!0-year-old Tanmay seen here with his dad and teacher Puneet Bakshi. Puneet proudly shows of the laptop that Tanmay broke when he was a mere toddler.

!0-year-old Tanmay seen here with his dad and teacher Puneet Bakshi. Puneet proudly shows of the laptop that Tanmay broke when he was a mere toddler.

Sumita and Puneet work extremely hard to create opportunities for their two children.

After the word of his app got out, more than three dozen media outlets—in Canada and abroad— clamored to interview Tanmay. He’s somewhat a minor celebrity. Tanmay basks in the love of his mom, dad and big sister Tanvi, 19, who’s an inspiration to her brother and vice-versa.

“When I grow up, I want to work with computers,” says Tanmay without hesitation. “What are my hobbies? Computers. What do I speak with my classmates about? Computers. If there was one thing I could do all the time? Coding.”

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Ethnic media and Teflon mayors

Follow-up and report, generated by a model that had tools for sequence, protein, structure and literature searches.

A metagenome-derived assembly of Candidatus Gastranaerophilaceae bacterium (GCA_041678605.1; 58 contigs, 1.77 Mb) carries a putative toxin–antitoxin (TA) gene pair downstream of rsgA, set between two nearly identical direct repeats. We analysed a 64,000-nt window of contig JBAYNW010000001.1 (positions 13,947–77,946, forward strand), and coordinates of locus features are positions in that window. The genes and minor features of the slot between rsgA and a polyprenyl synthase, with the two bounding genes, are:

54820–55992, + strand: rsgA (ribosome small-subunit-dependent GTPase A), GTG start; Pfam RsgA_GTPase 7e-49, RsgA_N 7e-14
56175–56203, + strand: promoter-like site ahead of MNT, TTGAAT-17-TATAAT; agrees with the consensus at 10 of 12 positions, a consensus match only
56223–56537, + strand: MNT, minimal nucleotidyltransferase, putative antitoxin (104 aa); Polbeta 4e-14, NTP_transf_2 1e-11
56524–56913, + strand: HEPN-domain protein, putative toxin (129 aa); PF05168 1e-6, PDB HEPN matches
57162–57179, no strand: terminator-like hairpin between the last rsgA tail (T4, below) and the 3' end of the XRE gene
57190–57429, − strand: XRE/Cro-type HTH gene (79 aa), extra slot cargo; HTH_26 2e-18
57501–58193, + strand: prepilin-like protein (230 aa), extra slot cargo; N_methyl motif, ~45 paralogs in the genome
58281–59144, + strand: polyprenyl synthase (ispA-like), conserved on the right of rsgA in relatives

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According to the National Ethnic Press and Media Council of Canada there some 75 South Asian newspapers; 55 broadcast companies scattered across the Greater Toronto Area (GTA). These papers consider themselves "opinion builders."

There are some 75 South Asian newspapers; 55 broadcast companies scattered across the GTA. (Source: National Ethnic Press and Media Council of Canada) These papers consider themselves “opinion builders” and can be picked-up from any ethnic grocery store.

Last year, Brampton’s Mayor Susan Fennell, doled out her best wishes—through official press releases — to the city’s South Asians for a slew of desi festivals.

Fennell’s attempt to endear herself to the city’s South Asians may have something to do with the upcoming municipal elections.